A Los Angeles jury awarded a California boy $6.9 million in damages stemming from a sexual abuse case.
The plaintiffs argued that the Los Angeles Unified School District had some responsibility for a Queen Anne Place Elementary School teacher, who allegedly sexually abusing the 10-year-old boy. The plaintiffs claimed the school district missed warning signs that indicated the teacher, Forrest Stobbe, was abusing the boy, the Los Angeles Times reported.
The jury found that the school district was 30 percent responsible for the $23 million in total damages awarded to the boy, which amounts to $6.9 million. Stobbe was found liable for the remaining 70 percent, but prosecutors told the L.A. Times that they have no plans to pursue damages from the teacher, who is serving a 16-year prison sentence.
The $6.9 million awarded to the boy represents one of the largest awards in a molestation case against the school district, the newspaper said.
The sexual abuse began in October 2008 and ended in July 2009, when Stobbe was arrested, the L.A. Times reported.
Stobbe alledgedly befriended the boy at the start of the school year, and then molested him once he gained the 10-year-old’s trust, the newspaper said. The Queene Anne Place Elementary teacher also became close to the boy’s family, which allowed him to take the boy to amusement parks. Stobbe would molest him following visits to the park, the newspaper article said.
Stobbe pleaded no contest to lewd acts on a child and continual sexual abuse of a child under 14. One of the key pieces of evidence against him was a jar of petroleum jelly that he kept in his desk that had the boy’s DNA on it, the L.A. Times reported. The boy said the jelly was used as a lubricant during sex acts.
The boy’s lawyers contended the school district should have known that Stobbe was a danger to children, even though the veteran teacher did not have a criminal record, the report said.
They also argued that Stobbe was seen alone in his car with a girl, and that he would have private lunches in his classroom with students against school rules.
In November 2008, a month after the molestation with the boy began, a girl in the teacher’s class made a complaint that Stobbe was making her uncomfortable. She said the teacher stroked her hair, put it in a ponytail and grabbed her buttocks, the L.A. Times reported.
Mary Ann Hall, the school’s principal at the time, said she notified the Los Angeles Police Department about the alleged incident involving the girl, and that the LAPD told her to handle the situation on her own.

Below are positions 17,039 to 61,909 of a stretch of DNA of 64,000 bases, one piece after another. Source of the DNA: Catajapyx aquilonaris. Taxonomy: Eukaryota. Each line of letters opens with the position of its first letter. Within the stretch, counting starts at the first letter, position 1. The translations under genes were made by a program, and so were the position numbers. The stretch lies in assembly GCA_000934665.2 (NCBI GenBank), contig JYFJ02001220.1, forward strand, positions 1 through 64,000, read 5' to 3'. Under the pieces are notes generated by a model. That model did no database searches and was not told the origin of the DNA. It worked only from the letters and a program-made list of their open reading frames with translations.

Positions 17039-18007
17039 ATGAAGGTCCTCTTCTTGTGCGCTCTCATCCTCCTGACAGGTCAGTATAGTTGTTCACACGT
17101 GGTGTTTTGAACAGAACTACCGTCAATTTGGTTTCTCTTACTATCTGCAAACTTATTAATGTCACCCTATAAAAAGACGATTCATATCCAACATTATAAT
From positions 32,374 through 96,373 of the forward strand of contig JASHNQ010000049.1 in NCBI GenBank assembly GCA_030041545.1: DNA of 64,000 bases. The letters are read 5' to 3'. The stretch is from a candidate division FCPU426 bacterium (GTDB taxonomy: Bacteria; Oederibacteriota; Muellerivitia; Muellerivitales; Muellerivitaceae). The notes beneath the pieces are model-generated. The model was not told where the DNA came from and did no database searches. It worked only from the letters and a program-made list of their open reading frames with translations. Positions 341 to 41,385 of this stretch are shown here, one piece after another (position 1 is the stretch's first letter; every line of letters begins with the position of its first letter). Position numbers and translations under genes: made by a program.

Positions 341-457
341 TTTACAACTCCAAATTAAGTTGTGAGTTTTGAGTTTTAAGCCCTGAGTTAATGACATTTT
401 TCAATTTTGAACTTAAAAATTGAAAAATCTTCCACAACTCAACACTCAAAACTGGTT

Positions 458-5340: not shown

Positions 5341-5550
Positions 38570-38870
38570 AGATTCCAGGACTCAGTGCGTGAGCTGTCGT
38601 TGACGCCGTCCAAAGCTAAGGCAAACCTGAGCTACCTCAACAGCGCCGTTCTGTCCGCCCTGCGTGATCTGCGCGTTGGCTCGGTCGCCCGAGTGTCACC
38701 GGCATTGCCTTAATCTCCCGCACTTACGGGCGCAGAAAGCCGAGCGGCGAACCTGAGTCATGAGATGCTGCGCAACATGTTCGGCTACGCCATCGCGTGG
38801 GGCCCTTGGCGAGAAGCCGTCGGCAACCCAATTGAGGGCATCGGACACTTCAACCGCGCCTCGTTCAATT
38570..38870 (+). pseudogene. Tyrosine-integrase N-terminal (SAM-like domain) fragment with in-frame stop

Det. Moses Castillo, who headed the investigation, told the newspaper that he doubted that was the case, because he said police would have started their own investigation into the incident.
David Holmquist, general counsel for the school district, did not directly respond to the boy being awarded $6.9 million by the jury.
"We take our duty to protect our students seriously and are continually looking for ways that we can strengthen our screening and reporting processes to ensure that no child is ever hurt in this way," Holmquist said. "Although we can't change what happened in this case, we remain committed to doing everything in our power to promote healing and improve trust with those impacted."
The school district is seeking to settle 200 high-profile sex abuse cases, the Associated Press reported. The lawsuits center around Miramonte Elementary School teacher Mark Brendt, the report said.
Brendt allegedly fed semen to his students. He pleaded not guilty to 23 counts of lewd conduct, the AP reported.
Don Beck, the attorney who represented the 10-year-old boy, said the two cases are similar, in that, Brendt also had a clean record, but there were signs that he shouldn’t be around children, including photographing students.
"Some of the same issues in the Miramonte case are highlighted here," Beck told the AP. "The same lack of monitoring teachers, the same lack of supervision that allowed these events to happen."
Howard Koplowitz reports on crime and breaking news events for International Business Times. Howard formerly worked on IBT's continuous news desk, where he covered trending...